Authors: V. and Mary Tellis-Nayak, with forewords by Kathryn C. Peisert and Jona Raasch, National Research Corporation
Format: 5×8 paperback or Kindle
We are born to relate, to connect, and to bond. The most noble of human relationships is compassion. No other profession is as closely associated with the virtue of compassion as is healthcare. Medicine has done us well. It has contributed to doubling the human life span within one hundred years; it has successfully battled infections; it has alleviated pain and human suffering. Sadly, healthcare took the exit leading to Market Street away from its mission of compassion, charity, and altruism. The market ethos has stripped human health, aging, illness, and suffering of their transcendent meaning; it has reduced the healing arts to curative techniques that see as irrelevant the emotions, anxiety, and insecurity that accompany illness.
When Will Compassion Return to Healthcare? A Call to Leaders
Person-centeredness advocates that ideally all caregiving should occur in a cultural climate that promotes healing. Can managers create a person-centered ambiance if they have to live by the mandate of the market place? Return of Compassion to Healthcare sorts out these tectonic shifts within a humanistic perspective. Illness and recovery, living and dying are part of the human experience. We propose a human-needs framework that identifies five primal needs: our elemental yearning to be, to become, to belong, to be our best, and to reach beyond.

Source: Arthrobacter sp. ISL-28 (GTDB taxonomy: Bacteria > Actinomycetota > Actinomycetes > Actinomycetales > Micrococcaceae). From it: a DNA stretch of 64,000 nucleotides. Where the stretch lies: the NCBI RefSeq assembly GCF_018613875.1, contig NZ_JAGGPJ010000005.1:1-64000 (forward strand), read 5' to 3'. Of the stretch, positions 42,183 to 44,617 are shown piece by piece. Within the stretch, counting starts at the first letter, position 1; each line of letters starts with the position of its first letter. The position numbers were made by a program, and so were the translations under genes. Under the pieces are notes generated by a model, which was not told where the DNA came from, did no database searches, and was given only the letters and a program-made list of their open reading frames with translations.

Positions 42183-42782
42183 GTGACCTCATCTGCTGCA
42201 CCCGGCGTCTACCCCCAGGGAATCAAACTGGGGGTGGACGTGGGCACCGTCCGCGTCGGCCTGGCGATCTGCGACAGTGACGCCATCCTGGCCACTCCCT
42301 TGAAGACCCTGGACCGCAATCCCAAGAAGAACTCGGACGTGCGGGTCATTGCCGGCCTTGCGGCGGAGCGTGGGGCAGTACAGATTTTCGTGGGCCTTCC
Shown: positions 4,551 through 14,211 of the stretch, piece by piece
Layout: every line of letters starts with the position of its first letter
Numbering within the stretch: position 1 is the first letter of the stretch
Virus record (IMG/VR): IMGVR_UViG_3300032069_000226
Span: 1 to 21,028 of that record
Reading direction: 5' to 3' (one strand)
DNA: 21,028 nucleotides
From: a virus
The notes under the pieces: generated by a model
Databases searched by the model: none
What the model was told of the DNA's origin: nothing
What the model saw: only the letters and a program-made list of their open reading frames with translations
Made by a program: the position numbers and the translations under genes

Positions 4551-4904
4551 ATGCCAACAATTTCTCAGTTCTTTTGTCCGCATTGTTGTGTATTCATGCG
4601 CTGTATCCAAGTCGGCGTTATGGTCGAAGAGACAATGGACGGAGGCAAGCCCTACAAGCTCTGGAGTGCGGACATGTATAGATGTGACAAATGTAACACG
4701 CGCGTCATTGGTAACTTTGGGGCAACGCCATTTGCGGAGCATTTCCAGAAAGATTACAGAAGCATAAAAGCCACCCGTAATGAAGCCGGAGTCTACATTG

We recommend that healthcare leaders take the pathway pioneered by stalwarts for the return of compassion.
“This book is wonderful! It will be a major contribution to the dialogue about patient-centeredness.”
—Dr. Donald Berwick, founder of the Institute for Healthcare Improvement and former CMS Administrator
About the Authors:
V. and Mary Tellis-Nayak The authors, a husband and wife team, have toiled in healthcare for a cumulative 80-plus years. Individually or as a duo, they have conducted research and made presentations to academic and professional audiences across the United States and in several countries abroad. They have authored articles published in professional journals and trade magazines nationally and internationally; they have written standards, protocols, and survey instruments widely used by accrediting bodies and in business. In 2013, the American Health Care Association honored them with the Mary Ousley Champion of Quality Award in recognition of their contributions to quality in the long- term and post-acute care community. They continue to work in the field for National Research Corporation.